(From Rambam1 )

“A King will arise:” Apparently, this King — Moshiach — will not be appointed by a Beth Din of 70 men and a Prophet, as is required for every King.2 This is seen in the Rambam’s historical proof3 that Rabbi Akiva referred to Bar Kochba as the King Moshiach — although there was no Prophet at that time.

“He will delve into Torah:”

Until it becomes his Torah, part and parcel of himself, as the Talmud states:4 First it is called G‑d’s Torah; then, when one delves into it, it is called his — the person’s Torah, as is written:5 “Whose delight is in the Torah of G‑d, and in His Torah does he delve day and night.”

Said Rava: First one should study Torah, and then he should delve into it.

Rashi explains that one should first study from his Rav until the subject is fully clear to him. Then he should delve deeply into it, to make comparisons, to raise questions and provide answers. This is the height of Torah study.

Pirkei D’Rav Eliezer6 notes that “the voice of Jacob” nullifies the harmful effects of Esau’s hands”;7 this voice of Jacob is expressed through “delving into Torah.”

“Just like King David his Father:”

This means that Torah study should be in a manner of accepting the yoke of Torah. And the observance of mitzvos should be preceded by the yoke of teshuvah, as in the familiar phrase: Teshuvah and good deeds.” This pattern was established by King David, as the Talmud comments on the verse in Nach:8

“These are the words of David, and these are the words of the man who was raised on high” (al) — These are the words of David who established ula, “the yoke of teshuvah” which uplifts the person to the greatest heights and closeness to G‑d.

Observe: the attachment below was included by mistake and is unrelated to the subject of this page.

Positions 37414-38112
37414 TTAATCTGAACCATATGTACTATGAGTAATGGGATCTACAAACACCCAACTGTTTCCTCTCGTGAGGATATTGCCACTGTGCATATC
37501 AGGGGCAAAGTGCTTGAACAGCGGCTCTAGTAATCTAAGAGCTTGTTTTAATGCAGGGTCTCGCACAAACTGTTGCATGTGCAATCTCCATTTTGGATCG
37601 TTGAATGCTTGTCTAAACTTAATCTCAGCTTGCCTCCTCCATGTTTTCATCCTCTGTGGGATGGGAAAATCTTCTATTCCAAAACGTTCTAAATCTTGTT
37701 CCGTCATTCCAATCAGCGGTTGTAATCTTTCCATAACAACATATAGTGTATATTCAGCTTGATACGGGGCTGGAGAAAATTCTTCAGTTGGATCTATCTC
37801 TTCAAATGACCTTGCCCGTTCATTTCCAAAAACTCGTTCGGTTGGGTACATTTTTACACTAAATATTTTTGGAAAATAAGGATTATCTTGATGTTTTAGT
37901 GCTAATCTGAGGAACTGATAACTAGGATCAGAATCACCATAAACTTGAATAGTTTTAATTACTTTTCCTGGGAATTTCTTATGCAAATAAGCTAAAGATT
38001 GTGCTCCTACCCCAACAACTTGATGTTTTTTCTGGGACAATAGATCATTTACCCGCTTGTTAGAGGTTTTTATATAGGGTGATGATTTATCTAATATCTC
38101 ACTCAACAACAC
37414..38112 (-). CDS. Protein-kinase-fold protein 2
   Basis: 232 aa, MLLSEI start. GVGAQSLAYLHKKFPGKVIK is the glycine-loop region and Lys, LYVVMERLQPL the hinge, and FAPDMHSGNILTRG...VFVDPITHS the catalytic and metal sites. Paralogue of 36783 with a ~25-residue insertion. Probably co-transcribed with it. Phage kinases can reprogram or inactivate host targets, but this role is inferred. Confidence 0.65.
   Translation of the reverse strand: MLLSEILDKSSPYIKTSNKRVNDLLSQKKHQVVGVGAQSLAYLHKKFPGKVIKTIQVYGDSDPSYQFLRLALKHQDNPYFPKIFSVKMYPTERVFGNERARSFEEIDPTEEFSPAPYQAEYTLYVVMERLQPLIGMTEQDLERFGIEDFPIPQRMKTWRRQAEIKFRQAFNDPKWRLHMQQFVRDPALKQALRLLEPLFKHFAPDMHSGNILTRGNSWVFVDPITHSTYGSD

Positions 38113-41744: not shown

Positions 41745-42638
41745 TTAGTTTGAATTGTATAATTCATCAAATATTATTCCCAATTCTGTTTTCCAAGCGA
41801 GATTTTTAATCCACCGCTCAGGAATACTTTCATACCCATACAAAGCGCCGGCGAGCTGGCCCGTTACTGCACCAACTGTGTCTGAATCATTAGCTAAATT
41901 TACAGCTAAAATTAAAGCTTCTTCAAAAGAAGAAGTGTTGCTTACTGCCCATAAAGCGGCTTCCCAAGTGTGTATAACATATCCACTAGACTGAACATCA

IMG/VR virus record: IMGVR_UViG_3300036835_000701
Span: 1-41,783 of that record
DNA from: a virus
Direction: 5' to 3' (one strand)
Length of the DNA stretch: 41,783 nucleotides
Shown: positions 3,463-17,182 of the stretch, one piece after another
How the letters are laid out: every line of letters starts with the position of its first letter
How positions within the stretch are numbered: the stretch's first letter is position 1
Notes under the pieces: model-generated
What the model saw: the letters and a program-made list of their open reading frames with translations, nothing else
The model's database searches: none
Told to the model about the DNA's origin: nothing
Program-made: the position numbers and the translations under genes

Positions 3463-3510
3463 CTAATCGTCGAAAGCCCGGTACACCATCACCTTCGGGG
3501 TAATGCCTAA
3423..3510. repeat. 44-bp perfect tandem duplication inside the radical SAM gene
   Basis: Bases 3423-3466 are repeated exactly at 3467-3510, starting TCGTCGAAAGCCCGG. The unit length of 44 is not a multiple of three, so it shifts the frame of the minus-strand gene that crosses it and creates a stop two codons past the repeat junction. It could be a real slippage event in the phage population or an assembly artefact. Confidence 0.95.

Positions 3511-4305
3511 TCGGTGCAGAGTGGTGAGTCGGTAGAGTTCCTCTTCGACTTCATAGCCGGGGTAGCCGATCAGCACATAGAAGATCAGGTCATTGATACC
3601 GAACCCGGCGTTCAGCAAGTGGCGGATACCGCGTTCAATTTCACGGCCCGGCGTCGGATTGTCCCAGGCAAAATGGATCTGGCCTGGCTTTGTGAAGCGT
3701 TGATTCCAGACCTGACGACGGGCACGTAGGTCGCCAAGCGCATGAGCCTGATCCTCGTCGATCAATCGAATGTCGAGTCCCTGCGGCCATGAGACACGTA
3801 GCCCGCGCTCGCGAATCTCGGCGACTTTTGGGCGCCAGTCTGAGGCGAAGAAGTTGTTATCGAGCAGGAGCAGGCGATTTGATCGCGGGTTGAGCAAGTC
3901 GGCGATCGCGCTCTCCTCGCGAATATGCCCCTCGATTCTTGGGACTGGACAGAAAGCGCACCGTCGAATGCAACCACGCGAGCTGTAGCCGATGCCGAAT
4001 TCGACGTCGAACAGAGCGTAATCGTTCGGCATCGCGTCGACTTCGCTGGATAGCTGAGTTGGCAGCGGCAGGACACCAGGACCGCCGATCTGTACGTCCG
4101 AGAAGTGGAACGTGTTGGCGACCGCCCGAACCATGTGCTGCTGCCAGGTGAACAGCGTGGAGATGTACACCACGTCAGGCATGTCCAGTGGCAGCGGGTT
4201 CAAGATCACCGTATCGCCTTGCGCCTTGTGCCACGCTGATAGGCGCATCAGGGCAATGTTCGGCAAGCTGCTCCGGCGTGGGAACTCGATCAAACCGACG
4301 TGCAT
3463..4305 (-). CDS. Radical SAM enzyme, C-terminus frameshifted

Midrash Shmuel notes: “David accepted and carried the yoke of Torah together with the yoke of Kingship.”

“Moshiach will study Torah according to the Written Torah and the Oral Torah:” Why does Rambam add these words? This follows the end of Halachah 3 (in uncensored editions): “Whoever adds to or deletes from Torah, or interprets Torah incorrectly, taking mitzvos out of their literal context, he is certainly an evildoer and a heretic (this negates any belief in Yeshu as the Messiah).

“He will coerce all Jews:” This is linked with the rectification for the churban (destruction of the Holy Temple), as the Talmud relates9 :

Jerusalem was destroyed because the people did not admonish each other. Rather, the Jews in that generation stuck their heads in the ground and didn’t admonish those who sinned and deviated from a Torah life.

“To go in its path and to strengthen its weakness:” To go in its path — is directed to those who didn’t sin — i.e. the tzaddikim. And to strengthen its weakness — to those who transgressed and repented — i.e. baalei teshuvah.

“And he will build the Beis Hamikdash:” As the Midrashnotes,10 Moshiach will build the Beis Hamikdash:

“When the King Moshiach who is in the north will arise, he will come and build the Beis Hamikdash which is situated in the south”11 (i.e. the south part of the Temple Mount).

Rashi and Tosphos, however, maintain that the Beis Hamikdash will come down from Heaven, as they state:12

The Third Beis Hamikdash which we eagerly await is already built and furnished; it will be revealed and come from Heaven, as is written,13 “Your Sanctuary, O G‑d, which Your hands have established.”

This is also underscored in Tanchuma:14 G‑d swore that He himself will rebuild it, as is written,15 “G‑d builds Jerusalem.”

“The Beis-Hamikdash in its place:” Although, in general, only the Altar can never be changed from its place,16 yet, the whole Temple of the future must be in its original place, as specified in Ezekiel. Also, this will determine who Moshiach really is, by showing the precise site of the Beis Hamikdash.

“And he will bring the ingathering of Jews:” At the end. As Rashi states:17 First “G‑d will build Jerusalem” — then “He will gather the ingathering of all Jews.”